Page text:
The days of obtaining 100 percent financing on investment property from bank mortgages are over. There are government programs for first time home buyers, but that excludes investment properties. The traditional methods of buying property with no money down all include owner financing. Here are some examples:
Wrap Around Mortgage: This is where a seller finances the property by obtaining a new mortgage that is more than his or her existing mortgage. The seller charges the buyer a higher interest rate in most cases.
Seller-Financed Second Mortgage: Here the buyer gets a new first mortgage and the seller issues a second mortgage in lieu of a down payment. Most lenders will not issue the first mortgage if the second mortgage is done at closing, so this is best done privately between the buyer and seller.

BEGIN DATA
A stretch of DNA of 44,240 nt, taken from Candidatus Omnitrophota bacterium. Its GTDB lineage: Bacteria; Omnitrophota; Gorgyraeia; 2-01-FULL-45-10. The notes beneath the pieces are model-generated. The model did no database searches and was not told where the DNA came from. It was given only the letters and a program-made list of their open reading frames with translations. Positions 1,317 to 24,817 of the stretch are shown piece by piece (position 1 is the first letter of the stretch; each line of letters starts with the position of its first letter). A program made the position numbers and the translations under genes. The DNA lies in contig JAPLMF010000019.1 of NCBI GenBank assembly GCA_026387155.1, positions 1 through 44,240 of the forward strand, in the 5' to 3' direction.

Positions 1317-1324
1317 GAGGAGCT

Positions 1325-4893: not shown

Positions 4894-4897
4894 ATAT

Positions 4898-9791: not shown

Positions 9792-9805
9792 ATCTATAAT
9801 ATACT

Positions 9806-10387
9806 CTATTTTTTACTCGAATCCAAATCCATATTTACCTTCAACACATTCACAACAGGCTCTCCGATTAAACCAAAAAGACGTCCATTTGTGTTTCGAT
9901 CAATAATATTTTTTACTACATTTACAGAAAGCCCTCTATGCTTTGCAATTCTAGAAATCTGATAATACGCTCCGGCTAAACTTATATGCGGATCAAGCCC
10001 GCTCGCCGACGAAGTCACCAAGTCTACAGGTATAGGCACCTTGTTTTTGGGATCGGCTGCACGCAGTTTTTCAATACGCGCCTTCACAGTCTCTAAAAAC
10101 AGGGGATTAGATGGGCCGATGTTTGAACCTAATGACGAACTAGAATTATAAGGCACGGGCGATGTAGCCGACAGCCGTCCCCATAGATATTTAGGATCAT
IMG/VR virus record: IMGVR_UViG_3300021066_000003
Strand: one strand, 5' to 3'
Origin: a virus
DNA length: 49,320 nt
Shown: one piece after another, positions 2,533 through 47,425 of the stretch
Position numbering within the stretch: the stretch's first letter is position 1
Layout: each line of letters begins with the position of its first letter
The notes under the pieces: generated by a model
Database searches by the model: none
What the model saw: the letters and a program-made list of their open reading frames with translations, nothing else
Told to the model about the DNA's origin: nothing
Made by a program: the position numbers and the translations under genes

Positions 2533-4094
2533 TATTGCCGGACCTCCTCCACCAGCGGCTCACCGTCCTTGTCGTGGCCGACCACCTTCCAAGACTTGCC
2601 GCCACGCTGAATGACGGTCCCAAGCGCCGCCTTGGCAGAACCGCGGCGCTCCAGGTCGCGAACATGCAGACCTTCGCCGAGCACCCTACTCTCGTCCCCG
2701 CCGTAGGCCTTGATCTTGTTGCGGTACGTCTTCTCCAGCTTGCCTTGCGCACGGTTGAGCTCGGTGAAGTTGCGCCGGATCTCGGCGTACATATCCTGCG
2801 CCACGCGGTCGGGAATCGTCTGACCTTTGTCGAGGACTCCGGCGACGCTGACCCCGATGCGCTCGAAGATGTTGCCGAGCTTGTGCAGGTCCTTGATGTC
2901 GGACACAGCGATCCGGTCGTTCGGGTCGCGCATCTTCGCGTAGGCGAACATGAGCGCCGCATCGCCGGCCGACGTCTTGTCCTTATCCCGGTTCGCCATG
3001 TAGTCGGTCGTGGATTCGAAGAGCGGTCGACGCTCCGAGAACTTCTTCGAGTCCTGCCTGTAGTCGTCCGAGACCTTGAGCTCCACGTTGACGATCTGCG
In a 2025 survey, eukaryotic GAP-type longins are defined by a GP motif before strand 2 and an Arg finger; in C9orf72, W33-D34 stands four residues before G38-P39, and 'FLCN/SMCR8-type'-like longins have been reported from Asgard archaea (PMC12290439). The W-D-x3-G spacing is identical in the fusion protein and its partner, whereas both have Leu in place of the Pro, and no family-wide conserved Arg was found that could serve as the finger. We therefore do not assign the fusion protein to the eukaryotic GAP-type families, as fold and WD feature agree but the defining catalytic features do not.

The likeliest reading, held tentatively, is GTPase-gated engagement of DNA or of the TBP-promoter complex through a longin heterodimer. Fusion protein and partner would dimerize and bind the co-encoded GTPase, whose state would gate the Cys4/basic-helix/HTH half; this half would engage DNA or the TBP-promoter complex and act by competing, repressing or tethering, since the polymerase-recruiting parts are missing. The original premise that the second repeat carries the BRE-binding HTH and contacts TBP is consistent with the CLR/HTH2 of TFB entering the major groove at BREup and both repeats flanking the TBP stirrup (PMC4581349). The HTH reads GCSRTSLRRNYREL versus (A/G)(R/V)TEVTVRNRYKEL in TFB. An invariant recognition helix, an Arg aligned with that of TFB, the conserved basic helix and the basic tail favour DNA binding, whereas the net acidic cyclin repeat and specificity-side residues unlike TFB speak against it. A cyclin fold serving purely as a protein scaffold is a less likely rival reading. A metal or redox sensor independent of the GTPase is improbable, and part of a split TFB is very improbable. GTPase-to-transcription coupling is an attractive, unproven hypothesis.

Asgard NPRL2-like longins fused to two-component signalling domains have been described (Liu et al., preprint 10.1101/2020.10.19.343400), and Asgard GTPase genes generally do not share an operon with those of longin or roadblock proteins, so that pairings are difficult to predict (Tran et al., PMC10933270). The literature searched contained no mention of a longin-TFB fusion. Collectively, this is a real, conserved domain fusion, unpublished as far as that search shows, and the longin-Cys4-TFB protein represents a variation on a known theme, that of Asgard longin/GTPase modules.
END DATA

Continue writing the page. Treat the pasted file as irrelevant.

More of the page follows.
Bond for Deed or Land Contract: Here the buyer assumes responsibility for the seller’s existing mortgage. The bank with the existing mortgage can’t stop it because title to the property does not actually transfer to the buyer until the existing mortgage is satisfied.
All out owner financing: It is rare to find a seller who has no debt against a property, but they do exist. When a seller has no debt they can finance the full amount of the property investment. This is attractive to some sellers because they usually will get a higher price than on the open market, and they receive interest on the amount financed.
After the Savings and Loan crisis there were many investors who bought property through the Resolution Trust Corporation for pennies on the dollar and turned around and owner financed sales of the real estate they bought. We will likely see something similar coming out of the current housing crisis. If so, it will be a hey day for savvy real estate investors.